• On transparency, the regulator said there was evidence that providers were providing an explanation of the governance arrangements in place for making remuneration decisions and giving a transparent justification for their head of provider’s remuneration. It found evidence that providers have had regard to the CUC higher education senior staff remuneration code, “though this is not universal” (OfS, p14) This aligns with the findings of Advance HE’s review which recommended that providers pay particular attention to ensuring transparency was indeed in place.
  • The level of remunerations should be fair, appropriate and justifiable, according to the CUC revised code. It should take account of the institutional context, including any consideration of fair pay for all. Remuneration must consider equality, diversity, and inclusion to ensure that there are no biases pertaining to gender or other protected characteristics within the pay structure. Institutions should be clear about what they expect from staff. The process for setting objectives and assessing an individual’s contribution should be robust and consistent (CUC, p3)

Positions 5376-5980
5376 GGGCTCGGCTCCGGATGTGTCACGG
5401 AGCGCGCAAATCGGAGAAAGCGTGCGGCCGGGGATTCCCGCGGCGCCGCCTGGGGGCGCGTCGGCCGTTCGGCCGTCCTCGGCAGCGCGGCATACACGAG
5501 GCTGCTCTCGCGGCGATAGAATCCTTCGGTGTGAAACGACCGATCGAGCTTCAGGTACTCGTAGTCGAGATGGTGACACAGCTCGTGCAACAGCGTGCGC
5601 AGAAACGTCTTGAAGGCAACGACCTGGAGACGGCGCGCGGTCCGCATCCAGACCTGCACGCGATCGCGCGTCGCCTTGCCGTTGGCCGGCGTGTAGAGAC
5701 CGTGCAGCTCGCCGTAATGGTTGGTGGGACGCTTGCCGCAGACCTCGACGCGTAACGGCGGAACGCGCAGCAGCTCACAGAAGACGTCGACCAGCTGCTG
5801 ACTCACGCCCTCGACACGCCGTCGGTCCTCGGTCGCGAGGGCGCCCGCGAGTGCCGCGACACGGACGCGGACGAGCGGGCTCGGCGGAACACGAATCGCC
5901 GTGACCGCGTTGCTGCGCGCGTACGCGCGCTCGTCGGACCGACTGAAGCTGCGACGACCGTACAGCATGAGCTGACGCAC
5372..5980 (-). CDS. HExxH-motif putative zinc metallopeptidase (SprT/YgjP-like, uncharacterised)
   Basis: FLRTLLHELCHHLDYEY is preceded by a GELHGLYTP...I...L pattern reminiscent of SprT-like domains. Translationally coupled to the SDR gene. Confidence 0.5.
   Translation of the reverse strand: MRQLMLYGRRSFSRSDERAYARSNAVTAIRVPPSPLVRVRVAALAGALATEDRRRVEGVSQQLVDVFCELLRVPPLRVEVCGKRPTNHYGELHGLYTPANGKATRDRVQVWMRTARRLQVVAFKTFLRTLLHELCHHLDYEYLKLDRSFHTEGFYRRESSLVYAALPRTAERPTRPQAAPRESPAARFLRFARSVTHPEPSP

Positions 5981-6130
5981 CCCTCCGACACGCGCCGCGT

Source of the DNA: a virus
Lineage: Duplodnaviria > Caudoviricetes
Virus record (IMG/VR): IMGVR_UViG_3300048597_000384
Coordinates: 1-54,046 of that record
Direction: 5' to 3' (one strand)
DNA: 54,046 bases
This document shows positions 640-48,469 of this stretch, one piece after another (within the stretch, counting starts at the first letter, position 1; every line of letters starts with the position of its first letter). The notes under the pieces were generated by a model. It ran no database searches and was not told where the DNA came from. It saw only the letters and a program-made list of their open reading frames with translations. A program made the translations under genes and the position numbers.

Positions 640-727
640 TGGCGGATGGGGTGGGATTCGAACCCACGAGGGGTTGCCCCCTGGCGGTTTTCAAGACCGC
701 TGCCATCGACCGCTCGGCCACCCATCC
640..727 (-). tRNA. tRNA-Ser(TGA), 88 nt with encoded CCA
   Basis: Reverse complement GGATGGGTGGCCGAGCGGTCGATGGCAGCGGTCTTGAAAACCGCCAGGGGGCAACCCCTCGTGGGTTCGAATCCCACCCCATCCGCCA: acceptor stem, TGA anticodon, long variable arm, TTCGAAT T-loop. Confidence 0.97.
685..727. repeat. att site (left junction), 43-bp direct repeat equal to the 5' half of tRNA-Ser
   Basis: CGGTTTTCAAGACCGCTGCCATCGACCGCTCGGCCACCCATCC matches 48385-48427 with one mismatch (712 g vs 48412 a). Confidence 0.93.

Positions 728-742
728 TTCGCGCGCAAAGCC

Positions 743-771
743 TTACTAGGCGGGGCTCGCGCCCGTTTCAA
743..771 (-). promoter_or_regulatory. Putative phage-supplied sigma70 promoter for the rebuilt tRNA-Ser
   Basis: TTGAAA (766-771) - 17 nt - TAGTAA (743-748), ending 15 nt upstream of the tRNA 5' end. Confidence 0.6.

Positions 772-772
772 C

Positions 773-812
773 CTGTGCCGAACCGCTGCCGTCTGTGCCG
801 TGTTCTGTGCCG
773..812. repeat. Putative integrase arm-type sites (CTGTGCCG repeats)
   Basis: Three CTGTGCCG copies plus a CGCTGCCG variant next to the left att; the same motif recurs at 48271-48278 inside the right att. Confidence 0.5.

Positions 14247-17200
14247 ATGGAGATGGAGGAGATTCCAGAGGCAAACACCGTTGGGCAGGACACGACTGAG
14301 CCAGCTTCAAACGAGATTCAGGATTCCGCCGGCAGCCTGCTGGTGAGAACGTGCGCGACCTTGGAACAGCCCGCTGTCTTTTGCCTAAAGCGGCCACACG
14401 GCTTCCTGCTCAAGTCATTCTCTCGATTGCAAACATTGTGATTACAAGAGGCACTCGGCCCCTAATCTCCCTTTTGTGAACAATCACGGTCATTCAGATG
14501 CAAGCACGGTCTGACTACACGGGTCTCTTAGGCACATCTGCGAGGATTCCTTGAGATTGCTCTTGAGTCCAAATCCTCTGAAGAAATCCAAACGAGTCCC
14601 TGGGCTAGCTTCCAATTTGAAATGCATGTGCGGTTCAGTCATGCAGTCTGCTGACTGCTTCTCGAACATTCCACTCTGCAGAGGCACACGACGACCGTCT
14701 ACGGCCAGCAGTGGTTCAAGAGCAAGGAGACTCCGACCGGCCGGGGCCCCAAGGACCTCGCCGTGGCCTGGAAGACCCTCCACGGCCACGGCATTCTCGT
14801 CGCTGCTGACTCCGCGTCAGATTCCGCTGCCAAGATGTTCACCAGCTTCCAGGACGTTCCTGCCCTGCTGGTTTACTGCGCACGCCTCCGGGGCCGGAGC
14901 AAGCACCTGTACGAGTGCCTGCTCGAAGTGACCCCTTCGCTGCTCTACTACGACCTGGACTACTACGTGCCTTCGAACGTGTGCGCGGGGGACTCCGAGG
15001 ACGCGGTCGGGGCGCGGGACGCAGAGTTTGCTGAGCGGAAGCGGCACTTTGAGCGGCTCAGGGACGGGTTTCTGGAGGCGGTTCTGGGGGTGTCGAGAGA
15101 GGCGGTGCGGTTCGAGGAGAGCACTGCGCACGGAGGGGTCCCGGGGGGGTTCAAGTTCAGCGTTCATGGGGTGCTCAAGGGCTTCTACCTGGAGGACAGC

• Roles may need to be reviewed in light of changing conditions, sustained performance, experience etc. Non-achievement of an individual’s expected contribution should have consequences. Severance payments must be reasonable and justifiable. There should be a clear and justifiable rationale for the retention of any income generated by an individual from external bodies in a personal capacity (CUC, p3)
  • Procedural fairness requires the remuneration process to involve competent people applying a consistent framework with independent decision making using appropriate evidence. Senior post holder remuneration should be determined in the context of an institution’s approach to rewarding all its staff; consideration should be given annually to the rate of increase of the average remuneration of all other staff (CUC, p4)
  • No individual can be involved in deciding his or her remuneration. Remuneration Committees must be independent and competent (CUC, p4)